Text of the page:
It's mid-September, the time of year when great explosions of yellow fungi appear around the base of dead trees, seemingly overnight. Nearby, and all around, clumps of pale Indian pipes are pushing up through the pine needles. And in one patch of dappled sunlight under a pitch pine over on Portanimicut Road, the Rescue Squad and I came upon a teeny-tiny fairyland, a mossy greensward scattered with weensy conical-capped mushrooms. I peered at it, half-expecting to see a leprechan, or at least a hookah-smoking caterpillar, come out from behind an acorn. The dogs peered at it as if they were about to lift their legs, so I pulled them away and we walked on toward Route 28. Which, because it's mid-September, is less busy than it was a month ago; and which will get less busy still as the days shorten and the mushrooms shrivel and blacken and wither away.
It's the time of year I like best. I probably say that with every change of season, although the move from summer to fall may become more and more favorite as summers become hotter and more humid. There's something exhilarating about waking up at 2 am because I'm cold. The first time, anyway. If I haven't paid attention and added a blanket in the morning, waking up cold the next night is merely irritating and leads to an hour or two, or three, of self-beratement.
It's a time of change: the first night cold enough to close the windows, the first time it's dark enough to turn on the lights at the breakfast table, time to turn off the dehumidifier in the basement, time to change from floppy linen pants to my comfortable, comforting blue jeans for the morning walk.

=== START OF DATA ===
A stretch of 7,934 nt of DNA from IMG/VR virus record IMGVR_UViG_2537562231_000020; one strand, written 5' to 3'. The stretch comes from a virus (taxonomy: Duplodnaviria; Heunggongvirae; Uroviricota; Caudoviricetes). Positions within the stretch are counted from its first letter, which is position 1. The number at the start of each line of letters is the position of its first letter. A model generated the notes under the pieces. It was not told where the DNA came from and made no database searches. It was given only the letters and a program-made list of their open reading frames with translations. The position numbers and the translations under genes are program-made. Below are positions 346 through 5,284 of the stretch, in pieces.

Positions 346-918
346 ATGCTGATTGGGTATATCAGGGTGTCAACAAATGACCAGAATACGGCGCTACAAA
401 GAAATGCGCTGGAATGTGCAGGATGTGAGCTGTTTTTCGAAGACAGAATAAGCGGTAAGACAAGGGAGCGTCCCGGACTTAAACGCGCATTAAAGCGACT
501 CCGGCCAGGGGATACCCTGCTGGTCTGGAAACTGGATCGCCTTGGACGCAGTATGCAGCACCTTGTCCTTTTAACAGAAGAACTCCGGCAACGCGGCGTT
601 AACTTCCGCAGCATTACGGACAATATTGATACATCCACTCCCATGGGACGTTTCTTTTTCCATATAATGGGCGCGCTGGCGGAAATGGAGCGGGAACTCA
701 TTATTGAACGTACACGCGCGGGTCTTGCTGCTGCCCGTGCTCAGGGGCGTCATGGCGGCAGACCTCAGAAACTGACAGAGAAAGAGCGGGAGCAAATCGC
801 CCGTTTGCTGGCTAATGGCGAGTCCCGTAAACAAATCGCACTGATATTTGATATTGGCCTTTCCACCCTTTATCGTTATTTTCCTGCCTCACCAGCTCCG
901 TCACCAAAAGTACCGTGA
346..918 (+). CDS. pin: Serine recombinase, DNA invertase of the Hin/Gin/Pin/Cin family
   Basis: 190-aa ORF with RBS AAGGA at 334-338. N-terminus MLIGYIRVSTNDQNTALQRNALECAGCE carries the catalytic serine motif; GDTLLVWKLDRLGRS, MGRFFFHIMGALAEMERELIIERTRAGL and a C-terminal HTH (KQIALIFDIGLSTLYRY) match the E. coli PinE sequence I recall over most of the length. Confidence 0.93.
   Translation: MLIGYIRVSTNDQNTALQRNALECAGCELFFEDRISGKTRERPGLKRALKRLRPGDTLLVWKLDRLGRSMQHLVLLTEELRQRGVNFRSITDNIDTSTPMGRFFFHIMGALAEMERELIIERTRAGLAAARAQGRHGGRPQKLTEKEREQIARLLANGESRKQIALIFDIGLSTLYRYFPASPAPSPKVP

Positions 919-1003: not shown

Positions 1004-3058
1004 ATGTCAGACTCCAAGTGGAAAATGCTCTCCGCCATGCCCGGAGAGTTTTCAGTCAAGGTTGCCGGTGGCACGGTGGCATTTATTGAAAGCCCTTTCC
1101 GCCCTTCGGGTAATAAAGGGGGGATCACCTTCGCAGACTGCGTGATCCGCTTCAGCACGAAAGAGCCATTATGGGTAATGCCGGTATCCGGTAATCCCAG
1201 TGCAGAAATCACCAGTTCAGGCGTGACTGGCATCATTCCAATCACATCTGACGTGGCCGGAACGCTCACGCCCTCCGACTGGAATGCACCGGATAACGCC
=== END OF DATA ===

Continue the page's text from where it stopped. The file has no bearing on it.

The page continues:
When I slip into jeans, a sweatshirt, and full-sized socks, I become my real self once again. Summer clothes are fine, but I get tired of drifting around in skimpy flesh-revealing items, and feeling as if I need to pay attention to the appearance of my toenails. In the cooling days of mid-September I can finally shlump around in my jeans again. And I'm not talking about those skinny ones.
The summer people with their goldendoodles and King Charles Cavalier Portuguese ridgebacks are gone (though the weekend people persist). Boats are still bobbing around at their moorings down off the town landing, but most of them will disappear around Columbus Day, and then the occasional ducks and a stray seal or two will have the bay to themselves.
I can't say the traffic has eased: two school buses, their passengers segregated by age and time, pass us on weekday mornings. And construction has ramped up all around the neighborhood: not only are humungous houses and three-car garages and in-ground swimming pools continuing to usurp the land where once bayberry and blueberry and various handsome invasives grew, but trucks and SUVs full of working people charge up and down the road, keeping Pippin in attack mode. At least summer people don't add much early-morning traffic, unless they're heading out for doughnuts or coffee or to catch the early Freedom Ferry to Nantucket.
As I write this, we're gearing up for strikes and demonstrations across the country to bring attention to the climate crisis, though I'm not sure what "attention" will accomplish. Everything I've mentioned here is subject to the changes that are happening. So eat, drink, walk in the woods, shlump around in your jeans, and be merry. For the times, they are a-changing.